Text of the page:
Rates of obesity and physical inactivity among Americans rose in 2014, despite progress on several other health fronts, a report published by in partnership with the and finds.
The twenty-fifth edition of (150 pages, PDF) found that the adult obesity rate rose to 29.4 percent in 2014 from 27.6 percent in 2013, while the percentage of those reporting no physical activity in the previous thirty days increased to 23.5 percent from 22.9 percent. The annual study also found that the percentage of smokers among the adult population declined to 19 percent from 19.6 percent, continuing a steady decade-long fall, while immunization coverage for adolescents increased to 67.1 percent from 64 percent and infant mortality rates fell to 6.0 deaths per thousand live births from 6.3 deaths in 2013.
Hawaii topped the of the healthiest states for the third consecutive year, followed by Vermont and Massachusetts, while Mississippi, Arkansas, and Louisiana ranked at the bottom. Hawaii, which has consistently ranked as one of the healthiest states since state rankings were launched in 1990, had low rates of smoking, obesity, children in poverty, and disparities in health by education level.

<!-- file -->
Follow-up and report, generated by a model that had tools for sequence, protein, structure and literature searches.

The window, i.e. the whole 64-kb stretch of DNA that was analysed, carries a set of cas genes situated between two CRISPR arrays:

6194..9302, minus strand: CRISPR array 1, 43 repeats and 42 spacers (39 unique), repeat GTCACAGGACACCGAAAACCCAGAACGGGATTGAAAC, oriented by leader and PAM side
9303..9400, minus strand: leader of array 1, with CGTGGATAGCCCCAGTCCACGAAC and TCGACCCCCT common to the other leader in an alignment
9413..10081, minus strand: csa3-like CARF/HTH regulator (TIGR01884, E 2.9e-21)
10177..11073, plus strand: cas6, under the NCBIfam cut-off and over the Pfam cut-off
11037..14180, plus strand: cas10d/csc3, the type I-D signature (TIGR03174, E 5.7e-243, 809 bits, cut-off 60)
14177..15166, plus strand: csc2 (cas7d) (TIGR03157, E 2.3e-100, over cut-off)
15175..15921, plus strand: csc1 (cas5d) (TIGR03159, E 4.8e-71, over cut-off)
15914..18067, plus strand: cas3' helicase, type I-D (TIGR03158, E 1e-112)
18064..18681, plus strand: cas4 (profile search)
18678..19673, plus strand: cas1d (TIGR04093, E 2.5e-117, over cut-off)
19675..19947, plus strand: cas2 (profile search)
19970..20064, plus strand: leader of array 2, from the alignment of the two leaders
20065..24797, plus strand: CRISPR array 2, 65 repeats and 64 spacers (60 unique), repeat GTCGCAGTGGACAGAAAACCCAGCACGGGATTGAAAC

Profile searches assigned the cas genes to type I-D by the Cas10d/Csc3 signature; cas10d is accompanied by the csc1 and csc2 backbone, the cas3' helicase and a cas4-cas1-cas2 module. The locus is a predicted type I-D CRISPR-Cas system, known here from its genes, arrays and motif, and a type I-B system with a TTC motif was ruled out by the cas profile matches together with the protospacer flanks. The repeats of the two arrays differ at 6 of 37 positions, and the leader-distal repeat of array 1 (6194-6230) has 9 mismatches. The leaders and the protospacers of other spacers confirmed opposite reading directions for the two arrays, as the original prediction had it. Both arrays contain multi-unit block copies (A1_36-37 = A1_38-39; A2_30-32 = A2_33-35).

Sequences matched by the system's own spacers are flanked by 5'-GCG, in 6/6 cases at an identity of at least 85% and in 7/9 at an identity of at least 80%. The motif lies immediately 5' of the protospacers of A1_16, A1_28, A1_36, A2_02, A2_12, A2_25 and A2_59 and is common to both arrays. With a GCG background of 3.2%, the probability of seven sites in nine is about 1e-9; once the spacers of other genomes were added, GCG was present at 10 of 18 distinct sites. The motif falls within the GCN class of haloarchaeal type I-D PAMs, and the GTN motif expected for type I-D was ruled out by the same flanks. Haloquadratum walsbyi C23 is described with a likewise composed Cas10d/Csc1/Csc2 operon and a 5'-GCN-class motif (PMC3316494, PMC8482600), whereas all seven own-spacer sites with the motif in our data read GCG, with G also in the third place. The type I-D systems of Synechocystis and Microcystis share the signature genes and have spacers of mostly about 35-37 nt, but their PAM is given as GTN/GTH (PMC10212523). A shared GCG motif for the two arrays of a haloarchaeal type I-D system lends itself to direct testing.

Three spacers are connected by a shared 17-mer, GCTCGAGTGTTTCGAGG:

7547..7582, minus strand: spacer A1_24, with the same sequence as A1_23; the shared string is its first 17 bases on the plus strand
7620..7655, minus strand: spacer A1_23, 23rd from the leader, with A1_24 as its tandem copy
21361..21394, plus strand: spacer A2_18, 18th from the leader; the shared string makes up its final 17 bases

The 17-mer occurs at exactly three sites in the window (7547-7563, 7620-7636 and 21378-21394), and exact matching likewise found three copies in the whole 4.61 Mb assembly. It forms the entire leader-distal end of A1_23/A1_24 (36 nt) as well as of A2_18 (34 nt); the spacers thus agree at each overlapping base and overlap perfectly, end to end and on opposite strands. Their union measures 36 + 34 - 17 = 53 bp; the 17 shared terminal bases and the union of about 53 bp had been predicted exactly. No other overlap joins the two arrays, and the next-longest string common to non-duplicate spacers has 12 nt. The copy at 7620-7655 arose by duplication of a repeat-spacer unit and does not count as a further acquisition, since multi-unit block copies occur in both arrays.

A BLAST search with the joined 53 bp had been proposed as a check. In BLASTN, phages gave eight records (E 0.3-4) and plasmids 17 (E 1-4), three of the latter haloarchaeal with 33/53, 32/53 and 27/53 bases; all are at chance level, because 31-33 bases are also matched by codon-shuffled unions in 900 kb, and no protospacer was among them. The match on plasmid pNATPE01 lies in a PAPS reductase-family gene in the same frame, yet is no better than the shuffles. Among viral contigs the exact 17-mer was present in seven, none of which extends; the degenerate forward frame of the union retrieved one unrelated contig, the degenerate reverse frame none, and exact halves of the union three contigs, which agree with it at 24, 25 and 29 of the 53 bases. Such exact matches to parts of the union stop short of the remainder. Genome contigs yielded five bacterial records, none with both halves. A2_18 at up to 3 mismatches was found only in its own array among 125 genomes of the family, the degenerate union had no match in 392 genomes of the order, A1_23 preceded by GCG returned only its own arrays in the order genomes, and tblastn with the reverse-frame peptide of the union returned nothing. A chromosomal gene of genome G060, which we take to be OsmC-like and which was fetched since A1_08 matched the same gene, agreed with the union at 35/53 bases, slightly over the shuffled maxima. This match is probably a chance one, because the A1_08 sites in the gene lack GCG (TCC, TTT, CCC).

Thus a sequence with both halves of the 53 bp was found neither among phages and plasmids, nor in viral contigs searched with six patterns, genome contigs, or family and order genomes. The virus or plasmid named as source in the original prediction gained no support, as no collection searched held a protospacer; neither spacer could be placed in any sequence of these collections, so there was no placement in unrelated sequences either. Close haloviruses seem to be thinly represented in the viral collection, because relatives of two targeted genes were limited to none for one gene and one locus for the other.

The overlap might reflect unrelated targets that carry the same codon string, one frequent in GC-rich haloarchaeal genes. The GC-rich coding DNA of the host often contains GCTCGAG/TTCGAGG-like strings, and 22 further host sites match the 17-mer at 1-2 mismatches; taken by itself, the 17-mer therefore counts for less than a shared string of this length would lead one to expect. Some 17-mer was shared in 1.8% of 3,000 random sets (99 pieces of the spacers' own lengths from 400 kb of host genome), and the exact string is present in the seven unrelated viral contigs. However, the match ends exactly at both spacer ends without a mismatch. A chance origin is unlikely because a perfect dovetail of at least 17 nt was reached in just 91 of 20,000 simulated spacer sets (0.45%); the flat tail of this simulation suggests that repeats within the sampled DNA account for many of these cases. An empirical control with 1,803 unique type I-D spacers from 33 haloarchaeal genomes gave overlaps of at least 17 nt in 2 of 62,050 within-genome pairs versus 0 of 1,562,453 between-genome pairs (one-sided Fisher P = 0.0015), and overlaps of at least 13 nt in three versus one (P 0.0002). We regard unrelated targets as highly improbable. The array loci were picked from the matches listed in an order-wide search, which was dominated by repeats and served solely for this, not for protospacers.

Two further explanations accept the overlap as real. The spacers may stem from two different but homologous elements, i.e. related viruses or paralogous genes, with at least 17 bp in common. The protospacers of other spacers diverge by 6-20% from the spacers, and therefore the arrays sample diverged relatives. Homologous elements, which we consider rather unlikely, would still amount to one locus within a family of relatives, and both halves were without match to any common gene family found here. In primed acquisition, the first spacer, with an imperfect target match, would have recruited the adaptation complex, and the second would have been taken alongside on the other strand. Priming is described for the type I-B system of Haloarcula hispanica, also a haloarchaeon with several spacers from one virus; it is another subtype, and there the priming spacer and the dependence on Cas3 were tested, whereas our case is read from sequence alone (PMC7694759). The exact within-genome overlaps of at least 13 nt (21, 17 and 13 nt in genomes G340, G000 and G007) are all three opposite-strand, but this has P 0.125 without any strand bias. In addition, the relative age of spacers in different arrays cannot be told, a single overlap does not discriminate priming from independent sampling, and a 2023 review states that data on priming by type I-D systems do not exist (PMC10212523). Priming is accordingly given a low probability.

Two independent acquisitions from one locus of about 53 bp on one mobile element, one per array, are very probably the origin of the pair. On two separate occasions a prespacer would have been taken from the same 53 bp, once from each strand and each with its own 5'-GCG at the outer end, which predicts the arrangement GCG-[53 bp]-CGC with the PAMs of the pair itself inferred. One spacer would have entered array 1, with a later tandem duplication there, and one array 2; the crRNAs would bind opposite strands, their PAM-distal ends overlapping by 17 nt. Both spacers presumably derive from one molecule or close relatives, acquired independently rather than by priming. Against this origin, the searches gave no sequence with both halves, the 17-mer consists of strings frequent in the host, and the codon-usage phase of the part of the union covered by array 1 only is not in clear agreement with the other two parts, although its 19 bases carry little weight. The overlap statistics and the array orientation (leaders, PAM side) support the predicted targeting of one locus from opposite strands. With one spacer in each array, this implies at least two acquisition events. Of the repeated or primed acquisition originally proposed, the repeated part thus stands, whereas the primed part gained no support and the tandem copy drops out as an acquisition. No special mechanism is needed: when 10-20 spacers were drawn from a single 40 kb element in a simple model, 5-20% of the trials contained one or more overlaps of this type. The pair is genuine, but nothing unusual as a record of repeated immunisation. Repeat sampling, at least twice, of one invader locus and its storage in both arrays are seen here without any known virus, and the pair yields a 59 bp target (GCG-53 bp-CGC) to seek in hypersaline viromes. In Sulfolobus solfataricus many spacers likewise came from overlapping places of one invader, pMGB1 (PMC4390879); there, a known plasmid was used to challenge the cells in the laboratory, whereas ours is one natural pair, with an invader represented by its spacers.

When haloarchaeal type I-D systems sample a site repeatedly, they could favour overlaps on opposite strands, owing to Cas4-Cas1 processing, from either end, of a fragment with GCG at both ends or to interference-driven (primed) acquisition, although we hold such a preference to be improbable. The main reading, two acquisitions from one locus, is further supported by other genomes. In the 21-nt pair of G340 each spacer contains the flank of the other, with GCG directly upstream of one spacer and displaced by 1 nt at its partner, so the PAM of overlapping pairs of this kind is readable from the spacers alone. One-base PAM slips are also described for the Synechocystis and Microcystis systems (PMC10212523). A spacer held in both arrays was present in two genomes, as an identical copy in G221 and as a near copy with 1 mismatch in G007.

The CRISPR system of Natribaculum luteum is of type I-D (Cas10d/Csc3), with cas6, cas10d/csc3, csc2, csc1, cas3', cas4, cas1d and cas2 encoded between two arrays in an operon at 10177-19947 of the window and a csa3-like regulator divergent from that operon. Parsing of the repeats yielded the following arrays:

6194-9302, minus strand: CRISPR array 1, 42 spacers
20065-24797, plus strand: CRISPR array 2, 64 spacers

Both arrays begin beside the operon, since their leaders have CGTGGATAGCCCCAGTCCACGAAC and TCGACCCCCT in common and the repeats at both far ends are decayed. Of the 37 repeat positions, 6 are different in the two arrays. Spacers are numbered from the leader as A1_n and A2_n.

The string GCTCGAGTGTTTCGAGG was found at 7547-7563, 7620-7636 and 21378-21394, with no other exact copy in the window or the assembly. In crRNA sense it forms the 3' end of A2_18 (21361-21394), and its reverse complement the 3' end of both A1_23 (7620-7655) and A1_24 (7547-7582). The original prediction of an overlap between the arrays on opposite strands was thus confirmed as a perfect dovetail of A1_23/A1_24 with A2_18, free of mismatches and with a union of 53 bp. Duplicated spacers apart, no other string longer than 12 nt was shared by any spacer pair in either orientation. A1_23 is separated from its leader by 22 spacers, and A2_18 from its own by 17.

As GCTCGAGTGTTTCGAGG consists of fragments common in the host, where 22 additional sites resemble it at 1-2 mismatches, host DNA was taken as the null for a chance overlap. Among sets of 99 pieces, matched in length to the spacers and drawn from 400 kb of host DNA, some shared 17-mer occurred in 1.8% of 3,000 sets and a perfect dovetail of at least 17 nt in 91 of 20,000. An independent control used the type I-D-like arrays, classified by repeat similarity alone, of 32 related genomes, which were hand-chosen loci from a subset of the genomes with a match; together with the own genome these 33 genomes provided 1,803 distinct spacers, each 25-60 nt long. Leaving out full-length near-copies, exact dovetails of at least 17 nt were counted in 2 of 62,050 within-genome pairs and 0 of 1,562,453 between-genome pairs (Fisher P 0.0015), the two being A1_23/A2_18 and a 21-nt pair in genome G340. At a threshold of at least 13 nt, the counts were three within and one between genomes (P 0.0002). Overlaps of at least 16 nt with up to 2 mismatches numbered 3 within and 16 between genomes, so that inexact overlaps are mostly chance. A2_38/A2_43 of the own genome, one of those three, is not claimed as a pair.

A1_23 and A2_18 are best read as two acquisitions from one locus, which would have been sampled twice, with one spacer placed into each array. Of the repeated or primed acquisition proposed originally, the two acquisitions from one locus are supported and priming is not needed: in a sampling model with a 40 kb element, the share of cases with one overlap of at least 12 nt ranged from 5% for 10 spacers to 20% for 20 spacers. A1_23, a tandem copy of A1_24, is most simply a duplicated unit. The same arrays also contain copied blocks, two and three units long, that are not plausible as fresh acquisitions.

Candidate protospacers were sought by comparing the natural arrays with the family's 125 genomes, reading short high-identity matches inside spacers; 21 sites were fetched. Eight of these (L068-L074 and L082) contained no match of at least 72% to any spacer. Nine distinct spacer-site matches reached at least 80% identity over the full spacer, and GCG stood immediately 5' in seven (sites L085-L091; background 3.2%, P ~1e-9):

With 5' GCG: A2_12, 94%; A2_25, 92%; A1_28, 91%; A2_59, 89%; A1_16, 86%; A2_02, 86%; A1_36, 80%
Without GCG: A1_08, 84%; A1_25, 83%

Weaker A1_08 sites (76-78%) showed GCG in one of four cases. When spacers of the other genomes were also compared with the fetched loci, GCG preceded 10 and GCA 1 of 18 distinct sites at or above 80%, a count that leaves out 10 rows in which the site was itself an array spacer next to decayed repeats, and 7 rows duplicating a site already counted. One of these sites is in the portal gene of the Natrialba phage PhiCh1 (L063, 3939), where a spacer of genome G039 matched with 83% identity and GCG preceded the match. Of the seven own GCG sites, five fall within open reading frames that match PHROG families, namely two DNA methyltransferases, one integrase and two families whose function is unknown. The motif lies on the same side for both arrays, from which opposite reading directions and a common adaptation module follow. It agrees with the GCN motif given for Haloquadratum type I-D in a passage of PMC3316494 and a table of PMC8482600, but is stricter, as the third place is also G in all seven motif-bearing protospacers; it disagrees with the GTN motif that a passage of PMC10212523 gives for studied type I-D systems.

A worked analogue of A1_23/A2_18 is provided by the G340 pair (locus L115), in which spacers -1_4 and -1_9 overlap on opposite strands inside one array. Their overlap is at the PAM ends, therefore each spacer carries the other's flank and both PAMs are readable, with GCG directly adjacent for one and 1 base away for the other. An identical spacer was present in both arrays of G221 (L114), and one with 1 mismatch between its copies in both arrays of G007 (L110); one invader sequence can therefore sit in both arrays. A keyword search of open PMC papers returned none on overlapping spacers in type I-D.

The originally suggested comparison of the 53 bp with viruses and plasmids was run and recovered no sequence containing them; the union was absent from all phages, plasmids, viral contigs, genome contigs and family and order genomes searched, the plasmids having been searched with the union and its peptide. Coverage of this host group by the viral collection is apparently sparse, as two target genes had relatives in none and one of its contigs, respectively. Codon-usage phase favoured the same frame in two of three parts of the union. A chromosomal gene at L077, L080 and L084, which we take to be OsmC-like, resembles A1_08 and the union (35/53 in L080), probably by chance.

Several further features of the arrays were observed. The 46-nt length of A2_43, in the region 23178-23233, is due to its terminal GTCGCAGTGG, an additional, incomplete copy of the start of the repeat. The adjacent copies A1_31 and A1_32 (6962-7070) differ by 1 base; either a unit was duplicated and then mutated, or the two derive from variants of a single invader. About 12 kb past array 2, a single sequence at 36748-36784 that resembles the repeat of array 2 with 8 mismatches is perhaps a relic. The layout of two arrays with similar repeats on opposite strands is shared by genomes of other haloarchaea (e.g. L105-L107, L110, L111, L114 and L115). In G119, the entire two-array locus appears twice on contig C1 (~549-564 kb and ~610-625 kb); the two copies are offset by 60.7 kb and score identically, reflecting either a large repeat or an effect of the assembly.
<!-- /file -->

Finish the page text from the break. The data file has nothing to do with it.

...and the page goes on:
The report also notes that over the last twenty-five years the rate of premature death in America fell some 20 percent, deaths from cancer declined 4 percent, and deaths from cardiovascular disease declined 38 percent — trends that contributed to Americans' average life expectancy rising to 78.8 years, a record.
"The challenge for the next twenty-five years is to achieve widespread, uniform success in fighting the chronic conditions that threaten Americans' quality of life and adversely affect our nation's healthcare system," said Rhonda Randall, chief medical officer and executive vice president of UnitedHealthcare Retiree Solutions. "Obesity, diabetes, and physical inactivity rates are troublingly high. We must continue to promote positive health behaviors and help prevent the devastating consequences of chronic illnesses that are often left unchecked."